Imagine a pediatrician's waiting room on a winter day: Coughing, wheezing children sneeze on one another while working parents attempt to reschedule their days. The first thought that comes to mind probably is not "cash cow" -- unless you are a crafty medical organization.
Physicians from Brown & Toland Medical Group, San Francisco's largest network of independent physicians, recently opened a day-care center for children with mild illnesses, such as stomach flus and colds. Day-care centers generally ban such children, but Helping Hands Day Care Center for Mildly Ill Children offers parents an alternative to missing work.
Helping Hands is staffed by pediatric nurses and specially trained child-care providers. Children at the center are grouped by illness (stomach flu in one room, colds in another), toys are washed after a child plays with them, and a pediatrician visits the center daily.
Fees are $85 per day, or $50 for a half day. Jake Sinclair, M.D., executive vice president and founder of Pediatric Partners, which runs the center, says demand for alternative child care is enormous, and the profit margin is high, especially because employers are sometimes willing to foot the bill.
"Parents," he adds, "are more comfortable knowing that the child is with a professional who can monitor the illness and call a physician if necessary."
The other side. It's not all bad news for HMOs, however. After being pummeled for months by consumer backlash, health plans finally have found someone who is sticking up for them. Last month, Washington Post columnist Howard Kurtz blasted the media for fixating on a few tear-jerking HMO horror stories. After doing some investigating of his own, Kurtz says he found the stories were not always substantiated and the mistreatment by HMOs was not as draconian as reported.
"The marketing of personal tragedy has become a cottage industry," Kurtz wrote.
He quoted an HMO official as saying: "The problem is that medical situations are complicated. They don't just fit into a sound bite."
A few days later, the Wall Street Journal decried the media for acting "as the Clinton echo chamber. . . . For weeks the press has been repeating the President's tear-jerking anecdotes about patients suffering at the hands of evil managed-care providers."
My HMO had an affair with Bruce Willis. What do Tom Cruise, Demi Moore, the Kennedys and your HMO have in common?
They're the cover subjects of the Aug. 4 National Enquirer, showing that the HMO backlash is resonating beyond policy wonks to a publication whose other front-page health story was "Tina Turner Breast Surgery Disaster."
Opposite a story on 1980s TV afterthought Todd Bridges is a tale subtly titled "HMOs Can Kill You." The Enquirer is asking readers to send HMO horror stories for discussion in future issues by Alan Steinberg, M.D., a Marina Del Rey, Calif., internist and author of The Insider's Guide to HMOs.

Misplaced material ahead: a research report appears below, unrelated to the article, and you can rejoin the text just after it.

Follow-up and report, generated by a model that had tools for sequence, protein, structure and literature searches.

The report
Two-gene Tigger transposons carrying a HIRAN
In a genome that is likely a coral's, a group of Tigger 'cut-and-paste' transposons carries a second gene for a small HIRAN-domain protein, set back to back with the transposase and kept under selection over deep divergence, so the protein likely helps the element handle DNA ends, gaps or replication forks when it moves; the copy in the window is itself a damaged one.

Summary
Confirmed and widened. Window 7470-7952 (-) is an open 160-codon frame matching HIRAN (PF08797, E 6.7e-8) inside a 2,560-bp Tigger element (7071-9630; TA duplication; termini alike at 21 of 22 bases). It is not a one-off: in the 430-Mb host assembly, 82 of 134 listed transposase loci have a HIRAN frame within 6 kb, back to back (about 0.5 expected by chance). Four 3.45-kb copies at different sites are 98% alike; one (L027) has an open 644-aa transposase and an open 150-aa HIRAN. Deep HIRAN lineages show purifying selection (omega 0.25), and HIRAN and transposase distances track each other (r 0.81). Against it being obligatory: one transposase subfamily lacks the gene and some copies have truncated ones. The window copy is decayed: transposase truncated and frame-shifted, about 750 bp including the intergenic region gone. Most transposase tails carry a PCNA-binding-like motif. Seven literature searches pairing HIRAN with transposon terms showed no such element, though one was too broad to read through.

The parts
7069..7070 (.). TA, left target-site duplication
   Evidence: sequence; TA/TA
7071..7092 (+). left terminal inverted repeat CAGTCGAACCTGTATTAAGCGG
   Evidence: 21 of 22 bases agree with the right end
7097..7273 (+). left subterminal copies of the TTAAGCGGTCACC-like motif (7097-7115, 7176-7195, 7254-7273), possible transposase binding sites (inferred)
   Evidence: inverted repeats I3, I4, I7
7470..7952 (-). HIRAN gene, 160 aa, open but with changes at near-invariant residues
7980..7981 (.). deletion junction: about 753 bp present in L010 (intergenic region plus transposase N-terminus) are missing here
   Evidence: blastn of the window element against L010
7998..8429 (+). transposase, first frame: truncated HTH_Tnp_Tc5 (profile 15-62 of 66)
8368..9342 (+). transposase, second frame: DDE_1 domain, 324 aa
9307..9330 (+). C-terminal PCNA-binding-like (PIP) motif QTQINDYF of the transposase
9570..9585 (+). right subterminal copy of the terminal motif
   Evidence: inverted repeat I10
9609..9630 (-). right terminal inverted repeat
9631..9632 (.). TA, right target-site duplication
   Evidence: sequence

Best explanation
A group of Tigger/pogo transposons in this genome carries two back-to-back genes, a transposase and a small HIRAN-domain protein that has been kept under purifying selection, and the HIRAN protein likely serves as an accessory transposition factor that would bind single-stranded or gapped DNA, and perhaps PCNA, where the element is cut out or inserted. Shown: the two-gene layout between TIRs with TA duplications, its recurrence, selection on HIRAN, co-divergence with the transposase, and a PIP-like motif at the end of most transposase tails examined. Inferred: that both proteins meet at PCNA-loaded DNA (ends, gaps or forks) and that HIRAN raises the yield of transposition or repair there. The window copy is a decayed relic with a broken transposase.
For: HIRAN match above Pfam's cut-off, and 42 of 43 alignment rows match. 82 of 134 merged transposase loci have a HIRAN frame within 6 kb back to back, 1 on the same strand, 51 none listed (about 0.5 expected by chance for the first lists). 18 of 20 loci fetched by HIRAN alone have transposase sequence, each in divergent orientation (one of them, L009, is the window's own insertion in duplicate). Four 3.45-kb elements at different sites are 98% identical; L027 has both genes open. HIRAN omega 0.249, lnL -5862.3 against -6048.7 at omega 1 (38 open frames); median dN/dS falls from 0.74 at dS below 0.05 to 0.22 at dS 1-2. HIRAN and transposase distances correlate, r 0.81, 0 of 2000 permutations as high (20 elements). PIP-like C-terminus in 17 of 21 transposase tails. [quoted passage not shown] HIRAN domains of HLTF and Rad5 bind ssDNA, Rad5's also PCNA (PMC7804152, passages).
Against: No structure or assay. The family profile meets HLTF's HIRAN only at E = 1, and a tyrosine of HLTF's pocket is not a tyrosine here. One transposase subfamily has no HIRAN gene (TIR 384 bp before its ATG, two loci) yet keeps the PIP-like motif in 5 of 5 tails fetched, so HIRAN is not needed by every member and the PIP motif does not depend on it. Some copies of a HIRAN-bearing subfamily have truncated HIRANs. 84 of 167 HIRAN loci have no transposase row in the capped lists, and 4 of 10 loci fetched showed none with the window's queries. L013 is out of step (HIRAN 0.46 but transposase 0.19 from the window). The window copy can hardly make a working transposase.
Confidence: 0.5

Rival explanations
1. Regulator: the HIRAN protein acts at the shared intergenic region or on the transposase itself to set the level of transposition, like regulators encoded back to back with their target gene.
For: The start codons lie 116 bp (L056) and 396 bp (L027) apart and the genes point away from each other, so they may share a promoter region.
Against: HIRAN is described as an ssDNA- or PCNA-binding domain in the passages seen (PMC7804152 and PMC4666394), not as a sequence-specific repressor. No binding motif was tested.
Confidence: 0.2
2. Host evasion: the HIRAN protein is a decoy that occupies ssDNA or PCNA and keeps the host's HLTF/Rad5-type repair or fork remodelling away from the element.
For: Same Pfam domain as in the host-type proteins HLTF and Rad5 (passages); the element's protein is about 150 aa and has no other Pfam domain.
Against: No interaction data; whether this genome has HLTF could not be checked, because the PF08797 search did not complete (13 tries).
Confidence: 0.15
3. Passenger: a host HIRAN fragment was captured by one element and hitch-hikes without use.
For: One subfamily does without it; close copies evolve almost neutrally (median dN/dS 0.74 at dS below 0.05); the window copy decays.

Steinberg, whose book was released in September 1997, says he's not a fan of theEnquirer. On the other hand, he says he wants to make all patients aware that HMOs might be putting their doctors in financial conflicts of interest. Plus, by agreeing to participate, he got to edit the Aug. 4 story to make it less sensational, believe it or not.
"You sort of have to get in bed with the devil to get your message across," Steinberg says.
Dying Young. "Marcus Welby is dead" is no longer just a hoary euphemism for the alleged coldness of managed care (see Notebook, August 1997).
In late July, Robert Young, who played the kindly doctor on the highly rated
ABC-TV show from 1969 to 1976, died of heart failure at his Westlake Village, Calif., home. He was 91.
To hear many consultants and doctors tell it, Young's Welby, with his house calls and lack of worry about managed care, these days would be a less realistic TV doctor than Dick Van Dyke as a physician solving crime in his spare time on "Diagnosis: Murder."
The other shoe. Following the January blowup of the proposed MedPartners-PhyCor merger and MedPartners' subsequent stock-price dive, other PPMs tried to distance themselves from MedPartners' problems. Now it's MedPartners' turn to feel it's suffering for others' sins.
MedPartners sent a statement to its investors and the media after the stock market closed July 23, distancing itself from problems at FPA Medical Management and PhyCor. FPA a few days earlier had declared Chapter 11 bankruptcy; PhyCor's second-quarter earnings report sent its stock down $5.28 to $14.06, dragging almost every PPM's shares along with it.
MedPartners' move didn't work: By Aug. 10, its stock had fallen more than $2 to an all-time low of $3.06.